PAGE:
Bold Caballeros y Noble Bandidas

Captivating exhibition explores Mexican popular culture inspired by the Mexican Revolution of 1910, Saturday, 11.1.08 - 5.10.09

By Yadhira De Leon
Published on LatinoLA: October 29, 2008

Bold Caballeros y Noble Bandidas

Bold Caballeros y Noble Bandidas ride in to the Autry National Center of the American West this fall to explore the development of Mexican popular culture and United States-Mexico relations. Organized by the Autry National Center in association with Arizona State University's Hispanic Research Center, the exhibition uses art, rare historical footage, feature film, music, and popular culture to experience and understand the monumental changes in the Americas that were initiated by the Mexican Revolution of 1910.

Creating a mythology that endures to this day in Mexico and the United States, towering figures such as Emiliano Zapata and Francisco "Pancho" Villa inspired a vast output of film, art, folklore, music, song, and literature that continues to shape the identity of the U. S.-Mexico borderlands.

"This exhibition is part of a museum-wide effort to explore the Latino experience in the American West and the crosscultural influences that have shaped the past, present, and future of this region. In better understanding the region as part of Latin America, we can better understand our future as part of an interconnected continent," explained Jonathan Spaulding, Executive Director of the Museum of the American West.

U.S.-Mexico Borderlands - Bold Caballeros y Noble Bandidas explores the creation of the borderland's identity, with its own customs and practices. In the nineteenth century, outlaws such as Joaquin Murrieta, Tiburcio Vasquez, and Gregorio Cortez became cultural heroes and symbols of resistance to the U.S. occupation of lands that once belonged to Mexico. Before the Mexican Revolution the border was porous and unpatrolled. After the Revolution the border was not only armed, it also began to function as an autonomous zone, with practices and rules that were unique and unlike those that prevailed throughout the rest of the United States and Mexico. The exhibition explores the events and American reaction surrounding the invasion of the United States by Francisco "Pancho" Villa and the attack on Columbus, New Mexico. It showcases both the Punitive Expedition led by General Pershing, accompanied by his aide George S. Patton, to capture and punish Pancho Villa, and the two occupations of Mexican ports (Tampico and Veracruz) ordered by President Woodrow Wilson.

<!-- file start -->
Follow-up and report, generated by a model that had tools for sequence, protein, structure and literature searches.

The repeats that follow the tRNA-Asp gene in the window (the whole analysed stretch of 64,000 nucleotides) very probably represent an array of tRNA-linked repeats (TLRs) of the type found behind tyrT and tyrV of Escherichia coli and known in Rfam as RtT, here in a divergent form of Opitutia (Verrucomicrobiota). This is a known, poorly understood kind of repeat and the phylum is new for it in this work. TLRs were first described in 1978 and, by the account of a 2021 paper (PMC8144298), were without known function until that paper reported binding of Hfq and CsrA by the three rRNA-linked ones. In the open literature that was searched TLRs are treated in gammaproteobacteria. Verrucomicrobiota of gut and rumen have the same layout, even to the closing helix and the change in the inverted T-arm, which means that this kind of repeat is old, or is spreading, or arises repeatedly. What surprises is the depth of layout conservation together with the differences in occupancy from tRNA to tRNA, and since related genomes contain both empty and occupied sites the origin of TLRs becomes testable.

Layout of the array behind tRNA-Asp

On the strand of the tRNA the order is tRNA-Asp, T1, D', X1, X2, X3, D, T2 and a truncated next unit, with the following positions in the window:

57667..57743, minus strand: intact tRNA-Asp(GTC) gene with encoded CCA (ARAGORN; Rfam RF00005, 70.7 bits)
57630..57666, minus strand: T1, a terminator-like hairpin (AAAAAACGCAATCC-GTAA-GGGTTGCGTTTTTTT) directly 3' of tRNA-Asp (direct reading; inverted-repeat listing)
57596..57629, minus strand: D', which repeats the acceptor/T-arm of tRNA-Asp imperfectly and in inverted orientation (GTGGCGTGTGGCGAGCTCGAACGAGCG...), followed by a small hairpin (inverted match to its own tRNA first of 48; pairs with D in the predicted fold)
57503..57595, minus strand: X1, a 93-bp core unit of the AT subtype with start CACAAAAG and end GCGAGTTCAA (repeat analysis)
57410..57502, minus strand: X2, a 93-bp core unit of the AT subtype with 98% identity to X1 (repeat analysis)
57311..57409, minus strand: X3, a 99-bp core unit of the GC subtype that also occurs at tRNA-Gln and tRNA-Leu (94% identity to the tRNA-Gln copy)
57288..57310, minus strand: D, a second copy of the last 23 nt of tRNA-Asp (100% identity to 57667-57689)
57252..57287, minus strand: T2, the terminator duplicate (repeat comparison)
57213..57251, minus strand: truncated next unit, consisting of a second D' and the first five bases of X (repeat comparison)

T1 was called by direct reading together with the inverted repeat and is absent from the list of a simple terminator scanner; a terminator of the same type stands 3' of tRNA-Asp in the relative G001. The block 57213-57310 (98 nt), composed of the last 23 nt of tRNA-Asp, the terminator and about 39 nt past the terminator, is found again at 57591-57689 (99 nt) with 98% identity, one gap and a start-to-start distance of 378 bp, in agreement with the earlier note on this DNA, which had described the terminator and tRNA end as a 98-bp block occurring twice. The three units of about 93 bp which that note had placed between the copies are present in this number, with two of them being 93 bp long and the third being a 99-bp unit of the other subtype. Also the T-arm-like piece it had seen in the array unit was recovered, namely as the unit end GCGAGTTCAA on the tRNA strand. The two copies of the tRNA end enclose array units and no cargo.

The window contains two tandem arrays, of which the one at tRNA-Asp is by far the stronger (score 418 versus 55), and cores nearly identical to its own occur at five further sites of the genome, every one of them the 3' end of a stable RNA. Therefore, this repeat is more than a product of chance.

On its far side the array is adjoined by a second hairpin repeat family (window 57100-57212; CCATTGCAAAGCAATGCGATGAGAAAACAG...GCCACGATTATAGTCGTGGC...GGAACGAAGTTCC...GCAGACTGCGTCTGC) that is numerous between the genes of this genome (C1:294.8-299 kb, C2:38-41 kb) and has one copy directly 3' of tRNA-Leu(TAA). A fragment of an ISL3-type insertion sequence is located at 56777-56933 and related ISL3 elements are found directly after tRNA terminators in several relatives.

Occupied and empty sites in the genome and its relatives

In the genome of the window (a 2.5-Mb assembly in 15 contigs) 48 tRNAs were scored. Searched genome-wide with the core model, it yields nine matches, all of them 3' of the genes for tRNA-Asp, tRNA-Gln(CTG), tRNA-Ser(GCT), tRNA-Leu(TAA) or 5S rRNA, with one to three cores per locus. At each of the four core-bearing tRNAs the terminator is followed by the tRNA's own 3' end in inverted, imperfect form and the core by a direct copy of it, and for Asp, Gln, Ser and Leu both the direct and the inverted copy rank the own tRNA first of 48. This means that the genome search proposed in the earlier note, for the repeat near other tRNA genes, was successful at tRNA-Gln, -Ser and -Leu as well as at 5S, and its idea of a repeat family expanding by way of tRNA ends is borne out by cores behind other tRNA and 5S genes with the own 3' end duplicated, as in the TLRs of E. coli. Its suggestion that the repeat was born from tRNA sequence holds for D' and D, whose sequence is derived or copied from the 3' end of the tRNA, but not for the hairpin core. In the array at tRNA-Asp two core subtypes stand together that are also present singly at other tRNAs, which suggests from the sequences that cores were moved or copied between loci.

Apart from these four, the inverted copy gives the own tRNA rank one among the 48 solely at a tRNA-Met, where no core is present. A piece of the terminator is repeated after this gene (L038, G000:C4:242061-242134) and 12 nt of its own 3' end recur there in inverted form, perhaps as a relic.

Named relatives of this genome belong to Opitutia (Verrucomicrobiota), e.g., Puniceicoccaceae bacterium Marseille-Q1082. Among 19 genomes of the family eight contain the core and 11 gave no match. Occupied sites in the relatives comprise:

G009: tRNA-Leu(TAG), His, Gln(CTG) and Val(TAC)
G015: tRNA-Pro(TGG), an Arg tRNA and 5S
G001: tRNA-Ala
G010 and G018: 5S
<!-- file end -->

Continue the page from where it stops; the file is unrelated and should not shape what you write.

Women Revolutionaries - For women, the Revolution served as a catalyst for their emancipation, their assumption of new roles including that of fighters, and their rise to power, prestige, and influence. Women who represented the peasantry, working poor, and intellectuals from the middle or the upper classes rose among the ranks as colonels, couriers, feminists, gang leaders, generals, journalists, nurses, outlaws, poets, political figures, revolutionaries, spies, and weapons experts. Their stories were propelled through popular culture and lore, including that of Elisa Acu??a y Roseta (1887ÔÇô1946), an associate of anarchist Antonio D?¡az Soto y Gama, one of the primary intellectual spokespersons for Emiliano Zapata and zapatismo; Generala Margarita Neri, called a "superb guerrilla commander" and noted for her implacability and ruthlessness; and Hermila Galindo de Topete (1896ÔÇô1954), cofounder and editor of the feminist and pro-Carranza journal Mujer Moderna, and an early supporter of many radical feminist issues such as sex education in schools, women's suffrage, and divorce.